Thursday, April 9, 2009

Knowing and Caring

Way back when I was a professor, teaching Computer Science, there was a favorite saying on my bulletin board. It was in a place that I could see easily, as a daily reminder, intended for me rather than for my students.

It is a simple, and relatively well-known antimetabole that goes like this:

"No one cares how much you know until they know how much you care."

Looking at it reminded me to care about my students. Caring about the attendees at my recent presentation reminded me of the saying.

Writing this reminds me of a student I met for the first time just after I had posted the final grades for a largish class.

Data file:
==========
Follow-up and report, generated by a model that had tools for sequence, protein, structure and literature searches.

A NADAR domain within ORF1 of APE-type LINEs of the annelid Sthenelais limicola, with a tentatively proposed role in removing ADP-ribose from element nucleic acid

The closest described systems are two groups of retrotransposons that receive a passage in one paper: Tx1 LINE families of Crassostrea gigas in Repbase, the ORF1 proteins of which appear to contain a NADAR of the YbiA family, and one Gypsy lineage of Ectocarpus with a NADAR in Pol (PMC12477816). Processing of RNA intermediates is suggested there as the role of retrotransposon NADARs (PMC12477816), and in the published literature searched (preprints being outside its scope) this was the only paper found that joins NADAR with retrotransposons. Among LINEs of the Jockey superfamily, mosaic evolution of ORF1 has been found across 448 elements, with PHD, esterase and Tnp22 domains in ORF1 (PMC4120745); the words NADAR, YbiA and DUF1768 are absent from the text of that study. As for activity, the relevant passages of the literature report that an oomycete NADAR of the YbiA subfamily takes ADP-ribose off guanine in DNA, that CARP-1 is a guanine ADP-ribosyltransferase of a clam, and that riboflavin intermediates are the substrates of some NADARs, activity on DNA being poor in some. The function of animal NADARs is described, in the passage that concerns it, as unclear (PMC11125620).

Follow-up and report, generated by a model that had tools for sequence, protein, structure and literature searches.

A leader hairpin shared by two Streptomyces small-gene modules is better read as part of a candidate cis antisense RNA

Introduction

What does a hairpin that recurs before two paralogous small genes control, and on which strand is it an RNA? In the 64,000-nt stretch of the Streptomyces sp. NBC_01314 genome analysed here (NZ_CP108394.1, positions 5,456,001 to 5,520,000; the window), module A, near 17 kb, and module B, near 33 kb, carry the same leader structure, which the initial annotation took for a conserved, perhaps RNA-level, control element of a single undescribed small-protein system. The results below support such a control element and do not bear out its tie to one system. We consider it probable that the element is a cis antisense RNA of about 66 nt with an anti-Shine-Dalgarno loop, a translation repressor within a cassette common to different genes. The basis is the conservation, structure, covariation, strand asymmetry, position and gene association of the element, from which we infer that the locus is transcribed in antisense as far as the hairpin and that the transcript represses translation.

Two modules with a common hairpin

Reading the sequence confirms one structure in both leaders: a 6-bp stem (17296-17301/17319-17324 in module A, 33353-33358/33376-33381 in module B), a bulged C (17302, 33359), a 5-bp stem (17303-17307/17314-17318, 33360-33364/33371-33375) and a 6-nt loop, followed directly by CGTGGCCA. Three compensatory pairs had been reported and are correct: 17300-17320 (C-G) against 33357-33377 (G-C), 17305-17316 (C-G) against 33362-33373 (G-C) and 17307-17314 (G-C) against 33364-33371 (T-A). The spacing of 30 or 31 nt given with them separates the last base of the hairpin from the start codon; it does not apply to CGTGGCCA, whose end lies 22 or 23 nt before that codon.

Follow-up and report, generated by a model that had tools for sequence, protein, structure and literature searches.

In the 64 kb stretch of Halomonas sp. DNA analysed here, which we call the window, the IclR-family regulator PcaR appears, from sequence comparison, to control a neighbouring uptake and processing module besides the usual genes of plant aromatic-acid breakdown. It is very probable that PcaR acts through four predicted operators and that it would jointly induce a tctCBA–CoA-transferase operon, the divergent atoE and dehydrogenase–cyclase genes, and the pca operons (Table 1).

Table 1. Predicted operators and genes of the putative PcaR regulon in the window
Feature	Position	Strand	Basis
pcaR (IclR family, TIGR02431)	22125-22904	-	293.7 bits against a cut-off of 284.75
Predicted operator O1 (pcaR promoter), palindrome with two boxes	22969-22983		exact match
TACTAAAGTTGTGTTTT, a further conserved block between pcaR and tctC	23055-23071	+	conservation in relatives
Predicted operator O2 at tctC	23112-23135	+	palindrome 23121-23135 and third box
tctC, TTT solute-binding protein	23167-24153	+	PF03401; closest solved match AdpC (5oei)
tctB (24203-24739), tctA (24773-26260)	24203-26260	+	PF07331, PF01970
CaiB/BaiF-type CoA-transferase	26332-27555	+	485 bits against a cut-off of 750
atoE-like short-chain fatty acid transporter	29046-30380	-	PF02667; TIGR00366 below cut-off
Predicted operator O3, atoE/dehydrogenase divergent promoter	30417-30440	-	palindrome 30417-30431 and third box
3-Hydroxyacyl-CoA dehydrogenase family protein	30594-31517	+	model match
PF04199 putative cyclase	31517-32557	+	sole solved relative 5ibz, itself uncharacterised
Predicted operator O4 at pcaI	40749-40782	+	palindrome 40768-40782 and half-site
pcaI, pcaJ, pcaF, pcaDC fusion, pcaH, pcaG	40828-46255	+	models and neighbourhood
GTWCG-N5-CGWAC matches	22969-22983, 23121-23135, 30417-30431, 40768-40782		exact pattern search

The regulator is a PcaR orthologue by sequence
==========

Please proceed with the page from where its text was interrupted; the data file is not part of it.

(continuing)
He fingered his name at the bottom of the list and addressed the "F" next to it. He begged me to raise his grade to a "D-" so that he could keep his scholarship and not have to go work for a year in the oil fields.

I countered by gesturing up the list from his name to the nearest "D-" and suggested that it wouldn't be fair to all those people to raise him up above them. They had at least taken a quiz or two, or handed in an assignment or two. They had at least attended class one time.

His shoulders slumped as he agreed.

I was very happy to see him in the hallways a year later. Not only had he survived a year in the old fields, but he had learned a valuable lesson. And earned some credit in the school of hard knocks.

1 comment:

Myrna said...

If all professors believed in your wonderful quotation, then I don't think the veneer of civilization would be quite so thin in the academic world. Unfortunately, there are too many whose mantra is closer to "I am paid for what I know, not for what I do" and caring isn't even in the equation.